UK: Introduction To TUPE & Outsourcing

In this podcast, TUPE & Outsourcing: 10 years on, Jane Fielding, Partner in our Employment, Labour & Equalities team and Hannah Swindle, Principal Associate in the team, discuss the risks in the constantly developing area of TUPE and outsourcing.

It has been 10 years since the concept of 'service provision change' (SPC) was introduced by TUPE 2006, heralding a new era in TUPE developments and case law. 10 years on and the path is not always easy, especially when dealing with the commercial realities.

Our experts answer these questions:

  • It's 10 years since the SPC concept was introduced. Where are we now and what might the future hold for SPCs?
  • What are the other challenges to SPCs and the key trends in this area?
  • What advice do you give on the key question of assignment?


Podcast Transcript

Siobhan Bishop: Welcome to our podcast on TUPE and outsourcing. In this podcast we're going to look at some of the key concepts in a service provision change, as outsourcing is one of the main areas where TUPE applies. Now, inevitably, outsourcing scenarios dither up some of the most complex legal issues but they also give rise to certain practical employment problems. It's been ten years since the concept of service provision change was introduced, by TUPE 2006, heralding a new era in TUPE developments and case law. So ten years on and the path is still not always easy, especially when dealing with your commercial realities. The risks can still be challenging in the constantly developing area of TUPE. So, I'd like to introduce Jane Fielding, a partner in the Employment, Labour & Equalities team here at Gowling WLG and also Hannah Swindle, a principal associate in the team. Firstly, Hannah, it's been ten years since the concept of service provision change was introduced by TUPE 2006, can you tell us where we are now and what the future might hold for SPCs?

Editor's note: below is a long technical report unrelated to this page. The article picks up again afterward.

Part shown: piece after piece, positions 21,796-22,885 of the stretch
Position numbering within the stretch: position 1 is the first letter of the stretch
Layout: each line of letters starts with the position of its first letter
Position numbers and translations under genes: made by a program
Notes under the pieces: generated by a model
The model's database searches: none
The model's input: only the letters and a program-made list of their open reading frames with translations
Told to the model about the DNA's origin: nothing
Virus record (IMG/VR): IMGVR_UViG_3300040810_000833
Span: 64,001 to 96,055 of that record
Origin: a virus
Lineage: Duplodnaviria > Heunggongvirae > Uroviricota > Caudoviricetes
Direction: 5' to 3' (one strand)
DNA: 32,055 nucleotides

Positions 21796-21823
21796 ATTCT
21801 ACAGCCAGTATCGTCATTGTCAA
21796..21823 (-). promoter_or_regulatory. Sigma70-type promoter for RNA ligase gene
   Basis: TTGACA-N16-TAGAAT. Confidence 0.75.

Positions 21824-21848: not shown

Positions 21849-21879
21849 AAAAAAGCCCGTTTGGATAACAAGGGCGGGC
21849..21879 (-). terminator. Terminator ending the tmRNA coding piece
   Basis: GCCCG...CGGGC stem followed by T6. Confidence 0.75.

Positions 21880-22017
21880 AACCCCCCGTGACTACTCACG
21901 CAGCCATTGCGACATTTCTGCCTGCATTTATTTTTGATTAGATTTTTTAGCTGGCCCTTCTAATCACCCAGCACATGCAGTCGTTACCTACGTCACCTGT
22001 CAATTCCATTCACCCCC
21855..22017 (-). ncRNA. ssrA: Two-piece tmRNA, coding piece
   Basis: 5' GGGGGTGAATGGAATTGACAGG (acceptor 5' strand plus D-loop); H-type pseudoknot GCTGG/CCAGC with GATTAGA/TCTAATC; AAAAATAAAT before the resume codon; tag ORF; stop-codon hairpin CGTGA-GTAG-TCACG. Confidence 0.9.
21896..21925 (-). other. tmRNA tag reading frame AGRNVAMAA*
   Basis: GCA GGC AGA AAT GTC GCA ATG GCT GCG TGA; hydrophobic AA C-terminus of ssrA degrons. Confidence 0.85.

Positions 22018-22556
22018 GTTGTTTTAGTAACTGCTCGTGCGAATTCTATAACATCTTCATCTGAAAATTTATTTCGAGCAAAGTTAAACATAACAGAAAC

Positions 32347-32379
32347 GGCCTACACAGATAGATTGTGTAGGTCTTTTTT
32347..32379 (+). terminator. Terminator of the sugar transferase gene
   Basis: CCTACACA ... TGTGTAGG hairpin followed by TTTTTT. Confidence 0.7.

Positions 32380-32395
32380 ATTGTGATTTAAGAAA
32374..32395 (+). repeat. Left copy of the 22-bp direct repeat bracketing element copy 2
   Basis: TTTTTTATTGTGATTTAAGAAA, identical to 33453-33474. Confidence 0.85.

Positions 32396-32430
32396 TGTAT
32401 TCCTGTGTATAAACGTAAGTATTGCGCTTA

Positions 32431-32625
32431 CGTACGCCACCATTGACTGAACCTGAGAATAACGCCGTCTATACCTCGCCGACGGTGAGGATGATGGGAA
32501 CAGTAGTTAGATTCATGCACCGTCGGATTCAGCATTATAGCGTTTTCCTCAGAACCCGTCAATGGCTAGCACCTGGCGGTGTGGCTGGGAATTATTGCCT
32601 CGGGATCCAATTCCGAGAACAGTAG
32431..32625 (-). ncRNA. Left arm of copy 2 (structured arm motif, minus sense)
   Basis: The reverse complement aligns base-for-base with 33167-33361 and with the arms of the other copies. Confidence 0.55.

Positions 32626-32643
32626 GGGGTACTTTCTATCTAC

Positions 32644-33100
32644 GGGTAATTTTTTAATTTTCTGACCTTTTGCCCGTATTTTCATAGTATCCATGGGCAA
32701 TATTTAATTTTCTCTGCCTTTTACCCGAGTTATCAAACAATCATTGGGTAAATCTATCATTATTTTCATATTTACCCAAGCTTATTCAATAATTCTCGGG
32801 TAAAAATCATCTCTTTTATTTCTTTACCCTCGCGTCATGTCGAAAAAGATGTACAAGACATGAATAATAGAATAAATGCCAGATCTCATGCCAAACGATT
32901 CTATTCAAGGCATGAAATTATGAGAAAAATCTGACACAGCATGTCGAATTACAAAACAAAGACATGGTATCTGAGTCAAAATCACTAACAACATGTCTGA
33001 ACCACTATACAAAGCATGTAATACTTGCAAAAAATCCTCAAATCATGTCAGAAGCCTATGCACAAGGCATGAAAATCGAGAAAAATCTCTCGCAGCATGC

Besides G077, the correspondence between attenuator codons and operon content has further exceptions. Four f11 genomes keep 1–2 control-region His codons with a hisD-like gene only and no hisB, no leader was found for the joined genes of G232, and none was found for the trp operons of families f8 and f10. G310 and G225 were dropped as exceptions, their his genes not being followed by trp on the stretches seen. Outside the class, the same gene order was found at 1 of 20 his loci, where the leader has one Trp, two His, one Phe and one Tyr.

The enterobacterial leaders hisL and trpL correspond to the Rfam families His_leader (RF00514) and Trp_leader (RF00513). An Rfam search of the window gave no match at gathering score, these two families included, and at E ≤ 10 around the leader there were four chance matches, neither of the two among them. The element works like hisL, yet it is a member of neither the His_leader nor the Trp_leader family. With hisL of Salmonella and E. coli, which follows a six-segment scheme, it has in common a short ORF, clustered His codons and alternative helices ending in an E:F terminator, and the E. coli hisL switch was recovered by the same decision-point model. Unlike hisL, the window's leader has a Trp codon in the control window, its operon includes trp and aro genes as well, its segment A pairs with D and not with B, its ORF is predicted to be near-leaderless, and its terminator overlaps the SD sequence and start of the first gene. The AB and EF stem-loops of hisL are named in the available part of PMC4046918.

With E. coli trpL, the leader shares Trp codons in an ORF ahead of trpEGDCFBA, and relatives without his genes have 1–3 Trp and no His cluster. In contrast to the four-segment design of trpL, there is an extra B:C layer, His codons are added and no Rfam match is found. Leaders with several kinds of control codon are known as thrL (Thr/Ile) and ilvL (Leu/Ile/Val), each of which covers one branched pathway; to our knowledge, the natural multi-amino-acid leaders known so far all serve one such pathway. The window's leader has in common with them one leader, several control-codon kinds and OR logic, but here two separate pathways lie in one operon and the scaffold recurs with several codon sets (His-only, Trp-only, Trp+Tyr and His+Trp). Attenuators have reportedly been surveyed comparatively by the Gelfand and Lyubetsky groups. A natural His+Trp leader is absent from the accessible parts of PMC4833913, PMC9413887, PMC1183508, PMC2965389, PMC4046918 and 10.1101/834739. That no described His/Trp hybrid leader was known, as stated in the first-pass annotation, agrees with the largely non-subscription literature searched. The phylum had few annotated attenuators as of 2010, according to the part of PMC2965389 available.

Hannah Swindle: Although Acquired Rights Directive did apply to some outsourcing scenarios pre 2006 under TUPE 1981, as you've said Siobhan the concept of service provision change was only formalised into statute under the 2006 TUPE Regulations, so ten years ago now. TUPE 2006 sets out the conditions for a service provision change. It applies where a client stops providing services on its own account and they're provided by a contractor going forward (an outsourcing) or where a second contractor takes over from the first (which will be a second generation outsourcing). Finally, it's where a client takes the services back in-house (an insourcing). Service provision change and a TUPE transfer will apply if, at the same time, there's an organised grouping of employees in Great Britain providing services for the client as its principal purpose and none of the exceptions apply. Of course, it's also important to remember that an outsourcing can still be a business transfer even if it doesn't meet the service provision change test. In some ways, service provision change is actually gold plating what was required by the Acquired Rights Directive. This had the business transfer concept and so service provision change goes over what's required by Europe, and this has affected how the tribunals are approaching its interpretation. However, the principle of employees transferring can be helpful and organisations often prefer certainty and planning. The broad principles are generally well incorporated and understood by organisations who've adapted to TUPE, particularly in the outsourcing world. The government conducted a full scale consultation and review of the effectiveness of TUPE and that was relatively recently, 2011 to 2014, including whether we should keep the service provision change concept. The feedback was a resounding 'yes'. There was widespread business opposition, from businesses, to the proposed removal of the service provision change concept. 67% of those who responded to the consultation, and many of those were indeed businesses, did not want the service provision change provisions to be repealed. They wanted to keep the certainty as they were used to dealing with TUPE and service provision change in particular by then. Therefore, the only change made in the 2014 Collective Redundancies and Transfer of Undertakings (Protection of Employment) (Amendment) Regulations was the clarification which reflected where case law had got to and it aimed to improve certainty. The services pre and post transfer now have to be 'fundamentally' the same. But it's also the case that we've seen increased instances of organisations looking to avoid the application of TUPE as this can be helpful if the incoming employer does not want to take on staff or want to improve their commercial bargaining position when agreeing contractual protections. The case law around service provision change is still developing and the challenges to its application arise on the different elements of the service provision change definition. For example, tribunals are being asked to decide whether the activities being done pre and post transfer are actually fundamentally the same and the focus here is being made on what was actually being done on the ground before the transfer. Also, they're having to consider what happens if the services are fragmented by several providers providing the service after the transfer. Can TUPE still apply in this case? The answer to this is 'yes' but it does depend on what happens in actual fact, as it's possible that the activity can become too fragmented to identify the provider that the activities have transferred to and if that's the case there is no service provision change.